Life. Life is a funny thing, sometimes. One minute you’re flying high in the winds of employment bliss and there’s nothing that could possibly bring you down. The next minute the winds change and you’re left feeling unstable, unsure and tumbling to the ground without a net.
Even if you aren’t finding yourself net-less, it is always a good idea to be ready for such an occasion. That’s why it is ever so important to keep your resume up to date in case of unexpected layoffs. With this thought in mind, I decided it was time to give my own resume a little refresher and did some research to find out the best tips. These are the ones I found most helpful:
- Keep it to one page – We all want to brag about all the awesome experience we have to prove we are awesome people, but unless you’ve been in your industry for 30+ years, no one wants to hear about it. No one cares about that little internship you did for that blogger that will lead to nowhere. No one also cares about your high school job as a dishwasher. One page = a must.
- Keep it crazy simple – Employers will most likely skim your resume for information they need, so let your experience do the talking. No need for fancy formatting, colors, pictures, etc. This might not apply to graphic design people, but for the majority of other jobs, just make your point by listing your experience and skills.
- Keep it chronological – This is debatable because you might be trying to showcase what’s pertinent to the job you’re applying for. Just keep in mind that if you list things out of order, employers might see this as you trying to hide something from your past. Listing things in order is always best.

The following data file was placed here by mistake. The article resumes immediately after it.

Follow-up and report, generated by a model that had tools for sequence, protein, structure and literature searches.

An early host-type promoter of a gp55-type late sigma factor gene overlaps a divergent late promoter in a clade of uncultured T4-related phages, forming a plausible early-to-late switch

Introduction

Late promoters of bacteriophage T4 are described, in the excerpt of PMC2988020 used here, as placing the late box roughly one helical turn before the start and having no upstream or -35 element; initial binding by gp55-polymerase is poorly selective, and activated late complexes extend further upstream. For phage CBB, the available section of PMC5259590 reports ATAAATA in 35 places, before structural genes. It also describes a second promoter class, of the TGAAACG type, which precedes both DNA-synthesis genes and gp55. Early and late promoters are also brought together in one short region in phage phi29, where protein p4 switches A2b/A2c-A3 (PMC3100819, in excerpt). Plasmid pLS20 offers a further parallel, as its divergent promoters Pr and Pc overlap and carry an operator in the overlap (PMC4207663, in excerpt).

- Keep it honest – Most H.R. departments do background checks, so even the smallest white lie could ruin your credibility.
- Keep it short – Use bullet points, but limit them to one or two lines, tops. Full sentences are not necessary, so only include the key phrases you want your potential employer to remember. DO NOT write paragraphs.
- Keep it relevant – Try to use keywords you know they will be looking for. Adjust job titles, achievements and duties to reflect what they need (without lying, of course).
- Keep it smart – You don’t need to include things like, “References Upon Request” or “Available for Interview” or ANYTHING that would cause the employer to roll their eyes and think “Yeah, no shit.”
- Keep it professional – It’s illegal for companies to discriminate so unless you are an actress or model, do not include anything personal about your age, gender, etc. and again, no pictures or personal blogs, Twitters, Facebook, blah blah. Also, do not list your hobbies. Your future boss does not care that you snowboard.
- Keep it full of action – This means using action verbs to prove you’re a star. You “managed,” “planned,” directed.” These are all very boss sounding words.
- Keep it full of names – If you work in an industry where people know people, drop the shit out of the names you’ve worked with. List the CEOs, presidents and heads of divisions you’ve worked under if you know the name means something in the industry. Instead of “Assistant to the President,” you can be “Assistant to John Doe, President.” Boom.
Now, let’s all get to work (pun-intended) on these resumes and be ready for what the future brings!